The dispute that gave rise to this lawsuit emerged in January 2009. In the months before then, Lovejoy, like many American businesses, experienced falling revenues due to the economic downturn. In response, Lovejoy began taking measures to reduce its costs. For example, David Mortensen, Lovejoy's Vice President of Sales and Marketing, negotiated commission reductions with two other outside sales agents. See Def.'s Ex. A, Mortensen Dep. at 70:21-71:3. Lovejoy also contemplated terminating its Agreement with Kamco. See Pl.'s Ex. 7, Email from Douglas Durham, Lovejoy, to David Mortensen, Lovejoy, Oct. 8, 2008 (suggesting that Lovejoy "could also look at canceling Kamco"). However, Lovejoy elected not to terminate the Agreement and instead allowed it to automatically renew for an additional year on January 1, 2009.
On January 8, 2009, Mortensen, of Lovejoy, called Morrison, of Kamco, to discuss the parties' Agreement. During the course of the conversation, Mortensen acknowledged that, under the Agreement's termination provision, the Agreement could not be terminated until the end of the year. However, he explained that Lovejoy wanted to terminate the Agreement to save money and offered to pay Kamco commissions for three months in exchange for the termination of the agreement. At his deposition, Mortensen testified as follows regarding the conversation:
Q And what did you say to [Morrison]?
A Well, what I said was that per the contract that we couldn't terminate the contract except in, I think it was, October of every year-it was renewable if we didn't let him know 60 days before-but there was a clause in the contract that if we mutually agreed, we could either terminate the contract or change the contract and that my goal was to try and talk to Ken about getting cost savings in his territory, that we were doing this across the board. He would be a small part of the total cost savings we were looking for, but that we needed to see what we could do.
Q And what did you suggest that he do?
A Well, he said, "I have a contract," and repeated that five or six times.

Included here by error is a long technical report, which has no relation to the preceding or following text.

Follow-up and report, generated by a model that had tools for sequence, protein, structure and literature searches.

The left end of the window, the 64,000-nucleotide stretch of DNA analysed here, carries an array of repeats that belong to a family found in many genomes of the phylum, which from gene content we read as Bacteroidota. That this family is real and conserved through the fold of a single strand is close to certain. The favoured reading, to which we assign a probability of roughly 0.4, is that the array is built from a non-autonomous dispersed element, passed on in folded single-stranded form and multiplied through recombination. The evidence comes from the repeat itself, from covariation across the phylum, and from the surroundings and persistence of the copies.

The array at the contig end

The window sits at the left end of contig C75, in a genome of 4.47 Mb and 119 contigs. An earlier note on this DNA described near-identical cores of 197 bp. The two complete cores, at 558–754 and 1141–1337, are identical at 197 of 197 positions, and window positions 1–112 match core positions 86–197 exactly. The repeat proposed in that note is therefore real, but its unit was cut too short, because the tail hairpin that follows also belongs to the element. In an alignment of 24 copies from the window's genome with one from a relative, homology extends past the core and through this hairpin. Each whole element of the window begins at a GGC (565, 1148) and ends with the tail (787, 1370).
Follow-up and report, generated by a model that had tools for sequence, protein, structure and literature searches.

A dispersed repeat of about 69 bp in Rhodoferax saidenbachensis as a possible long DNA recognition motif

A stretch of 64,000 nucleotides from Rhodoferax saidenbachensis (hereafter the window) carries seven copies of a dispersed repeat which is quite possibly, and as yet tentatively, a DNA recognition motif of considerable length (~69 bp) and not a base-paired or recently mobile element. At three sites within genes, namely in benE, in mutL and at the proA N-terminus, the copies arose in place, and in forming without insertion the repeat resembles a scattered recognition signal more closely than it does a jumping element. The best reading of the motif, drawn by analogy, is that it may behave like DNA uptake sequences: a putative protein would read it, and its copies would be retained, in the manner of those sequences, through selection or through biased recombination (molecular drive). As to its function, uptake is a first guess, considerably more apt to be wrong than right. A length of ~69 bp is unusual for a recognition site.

And in the first conversation I said, "Ken, I know this has hit you as a surprise. Why don't you go back and look at the contract, and let's talk again in a couple of days." * * * * Q Did you ever suggest to him that you would agree to pay him commissions through March of 2009 if he voluntarily agreed to give up the contract?
A Well, that was-that was an offer that I had approval to present to him from the owner, so I did tell him that.
Q Did you make that offer?
See Pl.'s Ex. 4, Mortensen Dep. at 7:6-8:4; 10:3-11. In his deposition, Morrison likewise testified that Lovejoy proposed to pay Kamco commissions through the end of March 2009and then to terminate the contract. Pl.'s Ex. 1, Morrison Dep. 116:14-117:3.
During a follow-up conversation, Mortensen informed Morrison that, if Kamco and Lovejoy couldn't agree to terminate the contract, Lovejoy would explore other ways to save costs in Kamco's territory, including through redefinition of commissioned accounts as House Accounts. As Mortensen testified in his deposition:
My goal was to get cost savings out of [Morrison's] territory, not necessarily to terminate the contract, but that was one way we could. Another way to do that would be to move many of the accounts to be house accounts where we didn't pay him commission on it [sic]. And through the discussions, I said if we can't reach a mutual agreement to terminate the contract, then we need to get cost savings, and this is one way that we believe legally in the contract we can do that.
See Def.'s Ex. A, Mortensen Dep. at 14:10-22. Morrison similarly testified that Mortenson told him during the follow-up conversation that Lovejoy had "the right to make all the accounts in [Kamco's] territory house accounts." Pl.'s Ex. 1, Morrison Dep. at 117:23-118:1; see also Pl.'s Ex. 12, Letter from Ken Morrison, Kamco, to David Mortensen, Lovejoy, March 6, 2009 ("On January 8, 2009, you told me that unless I accepted immediate termination of my contract with Lovejoy with payment of commission only through March 2009, Lovejoy would convert all of my customers to house accounts.").
Morrison ultimately told Mortensen that he would not agree to the proposed termination of the Agreement at the end of March 2009. Mortensen then began planning to follow through on his suggestion that he would redefine commissioned accounts as House Accounts. On January 15, 2009, Mortensen wrote to Lovejoy's Chief Financial Officer proposing that Lovejoy "send [Kamco] a new Addendum [A] with many more accounts on it that basically includes all Kamco's current accounts . . . ." Pl.'s Ex. 9, Email from David Mortensen, Lovejoy, to Woody Haddix, Lovejoy, January 15, 2009 (emphasis added). The following day Mortensen wrote to another Lovejoy employee, asking her to develop a list of all of Kamco's accounts:
I need to send Kamco a letter by the end of the month changing Addendum A to their contract that shows house accounts and listing all the accounts in their territory. I guess we should do it with both the account number and the account name. The goal is to transfer all of them to house accounts on 1/31/09. We will pay them normally through January, but for sales after ...